June 8, 2004 10:26 PM
Once upon a time, when only Win 98 resided on my system, I hadn't thought much about the overall boot process. Sure, I knew the basics; the bios loading up and doing the POST (Power On Self Test), the bios then checking the boot devices in order, the bootstrap loader on the device being given control which usually loads other programs necessary for the execution of an operating system and so on. Only when I was preparing for my first linux partition, I gave it much more serious thought.
The boot sector of a hard disk, called the MBR (Master Boot Record) takes up the first 512 bytes on the disk. Bootloaders such as GRUB, LILO and NTLDR are usually installed onto the MBR so that they can facilitate the loading of multiple operating systems. GRUB (GRand Unified Bootloader) and LILO (Linux Loader) are familiar to most Linux users. NTLDR is Win 2000/Win XP's bootloader that lets you run different Win distributions installed on the system.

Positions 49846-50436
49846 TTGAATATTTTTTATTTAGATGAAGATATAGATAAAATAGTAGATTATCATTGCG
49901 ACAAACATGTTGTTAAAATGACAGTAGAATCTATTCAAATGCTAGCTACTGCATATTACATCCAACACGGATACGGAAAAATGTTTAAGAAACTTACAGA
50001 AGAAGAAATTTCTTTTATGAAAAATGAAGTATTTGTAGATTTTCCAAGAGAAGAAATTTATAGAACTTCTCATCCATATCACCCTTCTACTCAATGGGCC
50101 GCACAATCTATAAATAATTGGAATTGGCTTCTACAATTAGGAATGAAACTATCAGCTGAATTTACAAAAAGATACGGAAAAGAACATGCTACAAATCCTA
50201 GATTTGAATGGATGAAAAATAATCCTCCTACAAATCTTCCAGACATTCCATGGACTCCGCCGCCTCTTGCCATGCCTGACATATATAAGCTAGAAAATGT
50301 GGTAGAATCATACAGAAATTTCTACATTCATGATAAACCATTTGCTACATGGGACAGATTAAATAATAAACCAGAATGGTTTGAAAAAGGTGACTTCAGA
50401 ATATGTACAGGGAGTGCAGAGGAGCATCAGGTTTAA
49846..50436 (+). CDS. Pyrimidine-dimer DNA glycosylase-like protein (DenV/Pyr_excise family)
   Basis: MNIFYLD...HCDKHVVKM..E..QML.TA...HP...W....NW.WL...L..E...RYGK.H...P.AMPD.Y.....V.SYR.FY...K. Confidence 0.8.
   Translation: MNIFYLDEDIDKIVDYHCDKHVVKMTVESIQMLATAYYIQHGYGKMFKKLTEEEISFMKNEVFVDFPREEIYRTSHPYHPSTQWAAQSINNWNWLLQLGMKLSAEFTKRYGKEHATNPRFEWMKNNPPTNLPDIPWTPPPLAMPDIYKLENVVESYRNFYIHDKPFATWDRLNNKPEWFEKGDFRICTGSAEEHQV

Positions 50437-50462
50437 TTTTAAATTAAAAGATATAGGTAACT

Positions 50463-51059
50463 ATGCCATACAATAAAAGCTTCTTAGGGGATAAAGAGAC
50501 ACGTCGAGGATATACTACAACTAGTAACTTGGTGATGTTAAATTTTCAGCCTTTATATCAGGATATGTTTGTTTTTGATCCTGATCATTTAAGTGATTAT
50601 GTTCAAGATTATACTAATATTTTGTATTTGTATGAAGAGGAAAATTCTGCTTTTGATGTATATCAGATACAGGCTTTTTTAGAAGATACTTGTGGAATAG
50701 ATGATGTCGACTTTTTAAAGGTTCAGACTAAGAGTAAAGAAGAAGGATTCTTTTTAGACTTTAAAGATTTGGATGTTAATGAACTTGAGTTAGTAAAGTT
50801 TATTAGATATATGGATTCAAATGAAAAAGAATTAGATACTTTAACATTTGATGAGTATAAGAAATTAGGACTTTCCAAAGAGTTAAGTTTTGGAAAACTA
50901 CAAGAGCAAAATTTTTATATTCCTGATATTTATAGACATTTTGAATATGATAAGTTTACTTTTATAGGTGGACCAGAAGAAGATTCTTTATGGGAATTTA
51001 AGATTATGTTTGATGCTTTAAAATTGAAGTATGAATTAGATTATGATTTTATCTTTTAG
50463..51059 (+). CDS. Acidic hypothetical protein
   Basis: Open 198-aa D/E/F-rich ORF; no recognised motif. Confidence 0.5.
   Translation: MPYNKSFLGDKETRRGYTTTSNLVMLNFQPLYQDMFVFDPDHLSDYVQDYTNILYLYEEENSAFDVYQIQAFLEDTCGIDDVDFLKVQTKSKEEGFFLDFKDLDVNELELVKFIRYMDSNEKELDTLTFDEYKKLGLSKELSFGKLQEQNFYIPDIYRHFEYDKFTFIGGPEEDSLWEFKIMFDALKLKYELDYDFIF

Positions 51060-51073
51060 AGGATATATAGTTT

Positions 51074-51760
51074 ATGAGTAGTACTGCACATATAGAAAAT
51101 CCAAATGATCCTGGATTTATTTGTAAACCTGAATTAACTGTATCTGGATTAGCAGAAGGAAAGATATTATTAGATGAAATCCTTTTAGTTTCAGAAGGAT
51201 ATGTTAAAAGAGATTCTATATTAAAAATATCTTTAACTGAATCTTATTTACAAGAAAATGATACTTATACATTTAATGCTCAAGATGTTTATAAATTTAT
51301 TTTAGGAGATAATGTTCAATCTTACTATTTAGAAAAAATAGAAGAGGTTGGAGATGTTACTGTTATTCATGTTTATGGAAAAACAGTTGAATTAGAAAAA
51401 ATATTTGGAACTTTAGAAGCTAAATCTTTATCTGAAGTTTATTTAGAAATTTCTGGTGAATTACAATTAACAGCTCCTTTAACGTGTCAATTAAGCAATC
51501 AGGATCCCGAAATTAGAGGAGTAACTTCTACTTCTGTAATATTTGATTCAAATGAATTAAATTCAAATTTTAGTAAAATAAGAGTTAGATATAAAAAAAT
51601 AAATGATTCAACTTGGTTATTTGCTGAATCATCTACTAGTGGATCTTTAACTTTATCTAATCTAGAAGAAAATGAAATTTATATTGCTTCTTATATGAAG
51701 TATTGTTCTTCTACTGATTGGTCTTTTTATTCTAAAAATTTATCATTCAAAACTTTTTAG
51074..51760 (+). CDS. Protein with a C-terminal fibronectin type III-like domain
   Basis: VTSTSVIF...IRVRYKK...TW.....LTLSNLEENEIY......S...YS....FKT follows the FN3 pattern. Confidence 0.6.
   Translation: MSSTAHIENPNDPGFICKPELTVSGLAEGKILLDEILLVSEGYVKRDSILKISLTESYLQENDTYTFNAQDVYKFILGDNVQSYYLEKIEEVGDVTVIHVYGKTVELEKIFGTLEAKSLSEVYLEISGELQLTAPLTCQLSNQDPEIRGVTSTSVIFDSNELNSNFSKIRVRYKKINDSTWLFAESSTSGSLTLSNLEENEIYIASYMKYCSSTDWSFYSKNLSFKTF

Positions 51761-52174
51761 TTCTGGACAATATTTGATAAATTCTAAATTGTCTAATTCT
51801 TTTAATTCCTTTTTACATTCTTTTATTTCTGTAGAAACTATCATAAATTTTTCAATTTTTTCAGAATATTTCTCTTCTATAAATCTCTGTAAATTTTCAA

An interesting point to note is that each partition on the hard disk
itself has a boot sector. Thus, LILO or GRUB can be installed onto the
boot sector of the Linux partition and still be made to work if you
have NTLDR on your system. This can be easily accomplished by dumping
the first 512 bytes of the partition on which Linux is installed onto
a file using the
dd utility from a Linux shell. The syntax is as
dd if=infile of=outfile bs=blocksize (bytes) count=blocks to read
Since I have my Linux boot partition in
hda5, the following
invocation should do the trick:
dd if=/dev/hda5 of=/linux.bin bs=512 count=1
Once this file (
linux.bin) has been copied to the C drive, the
following line has to be appended at the end of
That should put an entry called Linux on your NTLDR menu so that choosing it will load GRUB or LILO.